Let Me Tell You About NYC – A Film by Andrei Shah

Let Me Tell You About NYC

Once upon a time the place was called (among other things) the center of the world. That’s along with The City that Never Sleeps. And New York is famous for The Great White Way (aka Broadway and Times Square) as well as having a Little Italy, and a Chinatown which make up just two of a multitude of neighborhoods – what you might call ‘villages’ within the overall confines of New York.

I know this for a fact as I am a former New Yorker who lived on the Upper East Side of Manhattan (East 91st Street between Park and Madison Avenues) through parts of four decades. My neighbors at times were Woody Allen, journalist and author Carl Bernstein, film director Sidney Lumet, actor Burt Young, hockey star Wayne Gretzky to name but a few.

Across the street was The Dalton School – First Program where the children of Diana Ross and Donald Sutherland attended and napped in their very first classrooms. I think I saw Kiefer Sutherland in a pram before he was even old enough to count to 24. Across Madison, but still on 91st was the The Spence School, an all-girls school. The daughters of the Bouviers, Bloombergs, Fricks, Astors, and Bianca Jagger went to school there. And at the end of the block – on the corner of 91st Street and Fifth Avenue is the Convent of the Sacred Heart, once a private home, now a private school.

Let’s see, Ethel, Joan, and Caroline Kennedy went to school there. As did Gloria Vanderbilt, Elaine Stritch, Suri Cruise (yes, that would be Tom’s daughter), as well as Stefani Germanotta who these days is widely known around the world by her working name – Lady Gaga.

That was my neighborhood.

Nowadays I take the sun, my morning coffee, and when I shave, the cuttings circle down the drain in Sarasota, Florida. So I’ve lived in the Big Apple, rooted for the Yankees, Jets, Knicks, and Rangers for so long that I can recite the New York anthem, called New York, New York and made famous by Frank Sinatra – by heart.

But that’s just me.

For others, visiting or living in New York is either a strong desire, a fond wish, or a bucket-list item, so they come, and they’ll struggle to survive (to make it) and maybe they do, or maybe they don’t. But they continue to come and give it a try.

New York is not the easiest place to live – just have a look at the lyrics from Tom Waits crooning about the Downtown Train

Or Billy Joel singing about coming back because he’s in a New York State of Mind.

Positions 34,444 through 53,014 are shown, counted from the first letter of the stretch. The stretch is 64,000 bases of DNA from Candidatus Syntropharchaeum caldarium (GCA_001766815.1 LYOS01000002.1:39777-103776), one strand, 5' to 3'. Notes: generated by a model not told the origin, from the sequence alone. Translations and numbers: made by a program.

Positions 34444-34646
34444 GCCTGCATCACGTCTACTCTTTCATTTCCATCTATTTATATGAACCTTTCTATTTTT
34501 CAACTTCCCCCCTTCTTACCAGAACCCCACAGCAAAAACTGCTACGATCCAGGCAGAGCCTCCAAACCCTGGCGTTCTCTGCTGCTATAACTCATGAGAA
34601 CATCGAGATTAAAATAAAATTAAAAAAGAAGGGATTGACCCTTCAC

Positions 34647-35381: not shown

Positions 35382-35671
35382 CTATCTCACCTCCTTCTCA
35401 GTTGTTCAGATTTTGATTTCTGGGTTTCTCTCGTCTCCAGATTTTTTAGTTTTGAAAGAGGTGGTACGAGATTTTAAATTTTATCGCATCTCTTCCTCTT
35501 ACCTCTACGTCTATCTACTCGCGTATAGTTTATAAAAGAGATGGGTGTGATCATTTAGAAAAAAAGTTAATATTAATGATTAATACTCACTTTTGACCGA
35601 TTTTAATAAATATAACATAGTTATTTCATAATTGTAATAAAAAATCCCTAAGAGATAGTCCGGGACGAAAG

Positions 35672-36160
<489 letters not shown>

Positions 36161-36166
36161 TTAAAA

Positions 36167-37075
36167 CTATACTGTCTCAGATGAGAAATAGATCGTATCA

Then there’s Alicia Keys known best for her stirring and hopeful Empire State of Mind.

Concrete jungle where dreams are made of
There’s nothing you can’t do
Now you’re in New York!
These streets will make you feel brand new
Big lights will inspire you
Let’s hear it for New York, New York, New Yooork!

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Hail, Caesar!

From Golgotha to West Malibu….from Busby Berkeley to Preston Sturges to the near never-ending series of MGM musicals – if you are of a certain age, or are familiar with That’s Entertainment (from 1974), then this is an ideal film for you.

Actually Hail, Caesar begins in the confessional box in a church somewhere. It is 4 in the morning, and Eddie Mannix, played brilliantly by Josh Brolin is feeling the need to get something off his chest. It seems he’s been smoking due to the pressures of his work (running a major Hollywood studio), and he’s promised his wife that he had or would give up smoking.

So begins the Coen Brothers homage (or is it a send-up?) of the old Hollywood , circa early 1950’s, when the studios controlled the actors under the star system. Now Brolin’s Mannix runs Capitol Studios – a thinly disguised MGM – and answers only to an unseen head of the overall corporation who is based in New York or somewhere other than Hollywood.

In truth, this is a zany look at the movies from actual movies being shot – there are westerns, a biblical film (Hail, Caesar), light-hearted drawing-room comedies – many within the huge sound stages, and others on location on studio back-lots. We get to the editing process, the studio campus and commissary, and even the uniformed guard at the studio gate has a speaking role.

We get to watch a director struggling and failing to get an actor to effectively say something like, Would that it twere so simple.

But wait there’s more. There’s a kidnapping, there’s the threat of the Communist scourge, Mannix is doing a film (the film within the film that we are watching called Hail, Caesar – A Tale of the Christ) that requires him to sit down with a priest, a rabbi, a reverend, and a Greek Orthodox cleric and ask them if they’ve done a credible version of Jesus.

Now this scene falls a little short of being howlingly funny, and it is more like a take-off on an old joke – 4 clerics walk into a bar – only it is not a bar but an oak-panel board room of the film studio.

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